“Well, anyway, she ended up saying telling us that Wilson had said something about getting two birds with one stone.”
Harry and I look at each other, eyebrows raised.
“We talked to the PI, and confirmed that he had followed Miranda to The Wine Bar.  He said he thought Wilson was gonna have a heart attack when he told him she was a stripper, and probably more.
“Enough for me.  I brought Wilson in, told him Miranda’s sister had given us an earful, baited him a bit with Chardonnay’s exploits, and next thing you know, the guy’s all red in the face and talking about how he’d shown her.  And that’s all she wrote, my friends.”
Sullivan finishes his beer, and gets up and heads for the door.  With a finger to the brim of his imaginary hat as usual, he says “So long. You might be called to testify when this gets to court.  In the meantime, stay out of trouble.” Then he is gone.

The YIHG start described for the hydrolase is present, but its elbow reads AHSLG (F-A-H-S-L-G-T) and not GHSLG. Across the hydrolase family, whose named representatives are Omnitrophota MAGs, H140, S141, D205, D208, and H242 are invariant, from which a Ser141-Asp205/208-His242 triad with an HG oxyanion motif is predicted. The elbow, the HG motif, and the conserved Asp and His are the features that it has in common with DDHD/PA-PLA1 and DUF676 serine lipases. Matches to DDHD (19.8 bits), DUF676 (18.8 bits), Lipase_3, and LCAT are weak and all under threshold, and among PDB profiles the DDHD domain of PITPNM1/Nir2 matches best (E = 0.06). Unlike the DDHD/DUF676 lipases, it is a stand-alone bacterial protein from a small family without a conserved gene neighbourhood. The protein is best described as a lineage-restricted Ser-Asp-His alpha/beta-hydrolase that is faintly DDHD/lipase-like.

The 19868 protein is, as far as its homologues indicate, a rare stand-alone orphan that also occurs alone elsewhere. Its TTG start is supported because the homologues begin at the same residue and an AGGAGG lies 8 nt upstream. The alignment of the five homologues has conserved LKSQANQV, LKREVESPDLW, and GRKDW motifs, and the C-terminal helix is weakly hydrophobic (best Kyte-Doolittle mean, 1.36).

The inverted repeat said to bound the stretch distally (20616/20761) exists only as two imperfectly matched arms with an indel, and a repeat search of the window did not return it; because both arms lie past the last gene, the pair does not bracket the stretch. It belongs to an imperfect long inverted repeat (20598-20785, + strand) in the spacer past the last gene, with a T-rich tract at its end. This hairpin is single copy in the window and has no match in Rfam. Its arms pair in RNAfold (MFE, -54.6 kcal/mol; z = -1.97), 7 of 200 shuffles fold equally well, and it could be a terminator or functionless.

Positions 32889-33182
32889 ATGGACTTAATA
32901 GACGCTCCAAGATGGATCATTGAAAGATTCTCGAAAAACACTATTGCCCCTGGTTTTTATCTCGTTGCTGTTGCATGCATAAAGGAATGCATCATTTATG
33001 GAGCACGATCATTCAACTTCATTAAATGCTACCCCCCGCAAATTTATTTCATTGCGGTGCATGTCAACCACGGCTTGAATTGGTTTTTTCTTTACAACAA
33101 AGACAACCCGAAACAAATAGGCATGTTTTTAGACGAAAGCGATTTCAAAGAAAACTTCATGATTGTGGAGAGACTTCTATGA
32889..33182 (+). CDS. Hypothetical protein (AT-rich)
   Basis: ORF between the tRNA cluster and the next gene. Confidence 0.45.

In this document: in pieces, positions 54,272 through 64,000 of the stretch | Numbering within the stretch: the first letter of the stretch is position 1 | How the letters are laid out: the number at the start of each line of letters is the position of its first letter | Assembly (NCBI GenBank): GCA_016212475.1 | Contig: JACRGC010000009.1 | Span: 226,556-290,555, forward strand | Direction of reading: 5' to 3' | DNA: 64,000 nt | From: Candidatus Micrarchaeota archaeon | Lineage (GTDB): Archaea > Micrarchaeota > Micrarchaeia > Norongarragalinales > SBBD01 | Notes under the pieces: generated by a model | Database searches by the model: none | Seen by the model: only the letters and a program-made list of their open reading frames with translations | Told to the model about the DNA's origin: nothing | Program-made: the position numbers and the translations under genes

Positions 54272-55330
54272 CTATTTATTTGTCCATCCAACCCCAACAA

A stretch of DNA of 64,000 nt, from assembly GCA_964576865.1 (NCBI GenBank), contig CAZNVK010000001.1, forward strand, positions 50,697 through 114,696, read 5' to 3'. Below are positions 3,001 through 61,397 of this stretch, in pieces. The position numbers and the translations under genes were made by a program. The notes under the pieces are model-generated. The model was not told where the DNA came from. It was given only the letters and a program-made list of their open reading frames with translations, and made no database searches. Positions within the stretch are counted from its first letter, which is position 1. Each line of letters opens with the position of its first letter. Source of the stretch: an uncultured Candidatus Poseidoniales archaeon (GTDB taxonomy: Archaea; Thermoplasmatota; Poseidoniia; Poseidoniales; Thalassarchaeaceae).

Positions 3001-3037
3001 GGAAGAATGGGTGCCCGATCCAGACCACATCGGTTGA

“’A wuss,’, huh?  What kind of detective are you, anyway?”  I smirk at Harry. 
He unceremoniously shoots me a bird.
“Oh, and you better lay off having two over easy with a nice Chardonnay,” I add.  “It’s really bad for your health.”

The End

This was written for The Tenth Daughter of Mamory.


  1. Pattiken Ma'am,
    This is a gem here. A great 'Whodunit' I'll continue to follow. BTW congrats on having won the DoM competition previously. Have yet to come up with mine though.


  2. Hey, Pattiken, I'm still with you...but I am glad all my Peeps are not writing books--grin! Actually, your writing is simple, plot not confusing (like some of the top-selling Peeps!)...have you lived it through to the final yet? When will WE be there?

    As to joining the TDoM, I would have so much 'learning' to do, it would seem to me like work. But your tip (and confidence in ME?) I really appreciate. thank you.

  3. I enjoy these two guys, but the piece is a bit too deus ex for my taste. Lots of talk, little action, and then a supporting character solves the case. Realistic? Maybe. Dramatic? Not so much.

    Still, sign me up for the next Tremaine adventure.